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What We Have To Do As Healthcare Professionals

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Nurses play an important role in providing effective and sensitive care of other culture. Cultural respect is significant to improve access to high-quality healthcare that is responsive to patient’s needs and to reduce health disparities. Nurses need to respond to the changing patient demographics and deliver culturally competent care. Some nurses might regard a patient who constantly has a roomful of visitors, and who refuses to take certain medication as noncompliant. Nevertheless, nurses who dig deeper into patient’s beliefs may find these behaviors are as a result of the patient’s cultural value and beliefs which are deeply ideologies that nurses accommodate or preserve. A nurse needs to be culturally aware of being a true patient advocate. Providing sensitive and effective care for patients from diverse background requires flexibility, empathy, and committed to continuous learning. 

    As a critical care nurse in an in a big urban hospital, I was present when a forty-one-year-old man was brought to the admission ward by his wife, daughters, and sons. The patient had a history of myocardial infarctions. The current clinical setting suggested that he had another myocardial infarction. During the assessment of the patient, his wife calmly informed the critical care staff that other than taking her husband to the hospital, she has tried using other forms of traditional interventions to handle her husband’s condition. She had also made peace with God not to allow her husband to depart him and wanted all members of her family to get sick. 

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    The critical unit physician ordered a Foley catheter, dopamine, infusion, intravenous, transfer to the intensive care unit of the regional hospital 3 hours away. Unfortunately, the patient passed away patient two weeks later. No other member of the family was present when the patient died to expect his wife. The other members of his family were unable to afford the cost of travelling to the hospital which was far from home.  The patient’s cultural preferences and values about death and suffering were disregarded. As a healthcare nurse with a culturally diverse background, I sympathized and encouraged the bereaved to have a different perspective of death.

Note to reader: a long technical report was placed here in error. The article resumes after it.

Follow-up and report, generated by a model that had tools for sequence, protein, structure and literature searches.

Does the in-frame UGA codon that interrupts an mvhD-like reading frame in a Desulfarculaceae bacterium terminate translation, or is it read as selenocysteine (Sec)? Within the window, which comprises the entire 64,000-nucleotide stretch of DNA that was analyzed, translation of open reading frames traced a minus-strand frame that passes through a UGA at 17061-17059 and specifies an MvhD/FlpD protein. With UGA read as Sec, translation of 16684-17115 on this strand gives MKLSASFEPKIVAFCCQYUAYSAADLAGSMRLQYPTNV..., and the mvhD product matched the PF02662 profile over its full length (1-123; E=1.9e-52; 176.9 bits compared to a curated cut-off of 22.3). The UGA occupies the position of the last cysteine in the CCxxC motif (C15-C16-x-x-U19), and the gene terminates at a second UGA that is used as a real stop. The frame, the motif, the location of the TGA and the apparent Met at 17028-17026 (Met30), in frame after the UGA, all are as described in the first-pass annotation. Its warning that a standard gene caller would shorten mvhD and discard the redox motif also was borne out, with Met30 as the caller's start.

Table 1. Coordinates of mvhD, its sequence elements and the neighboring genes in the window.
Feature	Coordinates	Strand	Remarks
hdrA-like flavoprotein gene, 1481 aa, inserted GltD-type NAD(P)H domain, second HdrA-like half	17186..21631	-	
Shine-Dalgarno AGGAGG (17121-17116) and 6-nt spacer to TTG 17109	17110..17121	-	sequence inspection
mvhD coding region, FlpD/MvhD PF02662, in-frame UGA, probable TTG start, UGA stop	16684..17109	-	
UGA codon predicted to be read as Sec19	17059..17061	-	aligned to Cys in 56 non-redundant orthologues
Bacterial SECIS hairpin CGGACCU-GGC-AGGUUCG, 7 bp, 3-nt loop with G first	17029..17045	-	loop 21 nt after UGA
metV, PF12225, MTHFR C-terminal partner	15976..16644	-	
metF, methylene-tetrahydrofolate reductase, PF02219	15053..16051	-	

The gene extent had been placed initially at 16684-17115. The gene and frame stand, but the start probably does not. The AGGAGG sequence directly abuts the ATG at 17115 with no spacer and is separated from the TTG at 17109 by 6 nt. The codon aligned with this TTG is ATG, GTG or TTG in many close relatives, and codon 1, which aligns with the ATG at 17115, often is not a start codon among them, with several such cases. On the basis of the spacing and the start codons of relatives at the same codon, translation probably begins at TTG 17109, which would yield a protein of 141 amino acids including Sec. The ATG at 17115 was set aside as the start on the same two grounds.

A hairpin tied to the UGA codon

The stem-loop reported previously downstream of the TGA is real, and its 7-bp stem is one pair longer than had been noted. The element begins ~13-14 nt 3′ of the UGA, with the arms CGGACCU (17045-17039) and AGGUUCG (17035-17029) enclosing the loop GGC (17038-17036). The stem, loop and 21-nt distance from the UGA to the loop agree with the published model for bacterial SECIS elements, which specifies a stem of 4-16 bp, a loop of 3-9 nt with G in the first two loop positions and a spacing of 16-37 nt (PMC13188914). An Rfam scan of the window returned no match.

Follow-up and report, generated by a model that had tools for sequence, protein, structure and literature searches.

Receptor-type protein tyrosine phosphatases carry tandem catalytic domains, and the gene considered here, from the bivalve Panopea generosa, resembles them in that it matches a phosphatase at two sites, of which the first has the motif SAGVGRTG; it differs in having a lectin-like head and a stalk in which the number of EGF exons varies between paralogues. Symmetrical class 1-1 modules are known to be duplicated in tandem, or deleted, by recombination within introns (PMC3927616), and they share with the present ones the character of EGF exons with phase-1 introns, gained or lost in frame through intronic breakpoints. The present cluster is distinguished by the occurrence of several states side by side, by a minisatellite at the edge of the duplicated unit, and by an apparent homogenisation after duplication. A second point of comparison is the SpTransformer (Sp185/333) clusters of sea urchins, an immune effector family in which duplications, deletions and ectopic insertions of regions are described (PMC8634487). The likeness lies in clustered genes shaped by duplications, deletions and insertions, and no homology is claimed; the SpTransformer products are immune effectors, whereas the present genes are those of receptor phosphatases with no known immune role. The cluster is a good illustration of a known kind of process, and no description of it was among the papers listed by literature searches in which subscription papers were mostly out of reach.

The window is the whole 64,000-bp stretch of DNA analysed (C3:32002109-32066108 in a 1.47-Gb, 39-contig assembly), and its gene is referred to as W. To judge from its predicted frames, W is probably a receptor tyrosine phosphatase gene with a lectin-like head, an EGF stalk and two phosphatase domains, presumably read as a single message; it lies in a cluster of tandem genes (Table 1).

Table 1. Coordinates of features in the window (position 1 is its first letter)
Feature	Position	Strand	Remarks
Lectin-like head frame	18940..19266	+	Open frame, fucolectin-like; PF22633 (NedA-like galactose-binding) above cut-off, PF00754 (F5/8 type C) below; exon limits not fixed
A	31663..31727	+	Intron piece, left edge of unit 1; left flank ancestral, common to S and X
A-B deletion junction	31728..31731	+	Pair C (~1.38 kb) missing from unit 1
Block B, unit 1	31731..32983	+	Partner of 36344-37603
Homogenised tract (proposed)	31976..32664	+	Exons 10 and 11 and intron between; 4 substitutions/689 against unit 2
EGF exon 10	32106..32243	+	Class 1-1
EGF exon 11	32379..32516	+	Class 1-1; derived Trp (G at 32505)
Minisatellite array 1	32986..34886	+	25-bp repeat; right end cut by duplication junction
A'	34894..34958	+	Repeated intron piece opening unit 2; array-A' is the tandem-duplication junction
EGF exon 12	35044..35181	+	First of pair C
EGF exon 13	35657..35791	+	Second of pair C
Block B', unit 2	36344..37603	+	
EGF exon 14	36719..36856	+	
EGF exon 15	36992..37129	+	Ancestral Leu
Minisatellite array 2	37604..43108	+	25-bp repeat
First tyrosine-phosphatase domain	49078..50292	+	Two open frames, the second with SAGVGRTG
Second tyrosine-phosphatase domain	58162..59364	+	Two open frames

Promoting culturally competent nursing care helps nurses to understand the needs of patients and to work effectively with other professionals. In the highlighted scenario, I made various adjustments which had made me take care of the patient and the members of his family. First, I made a self-examination of the patient’s cultural background to create self-awareness. I sought and obtained information base concerning the patient’s ethnic group to gain cultural knowledge. I have expanded this component of cultural knowledge through accessing information offered through various sources including workshop presentations, internet resources, textbooks, seminars, and journal articles. I used my ability to collect relevant data regarding the patient’s presenting the problem and accurately performed a culturally sensitive assessment. 

I used Davidhizar and Giger model framework to assess the ethnic, racial, and cultural difference of the patient. Finally, I adjusted my motivational desire to become aware and seek cultural encounters of the patient’s cultural background. I was open to my patient and his family, and I respected his cultural differences, and I was willing to learn from other healthcare professionals. I did not assume the patient’s beliefs, and I was able to address the patient’s concerns without discrimination.

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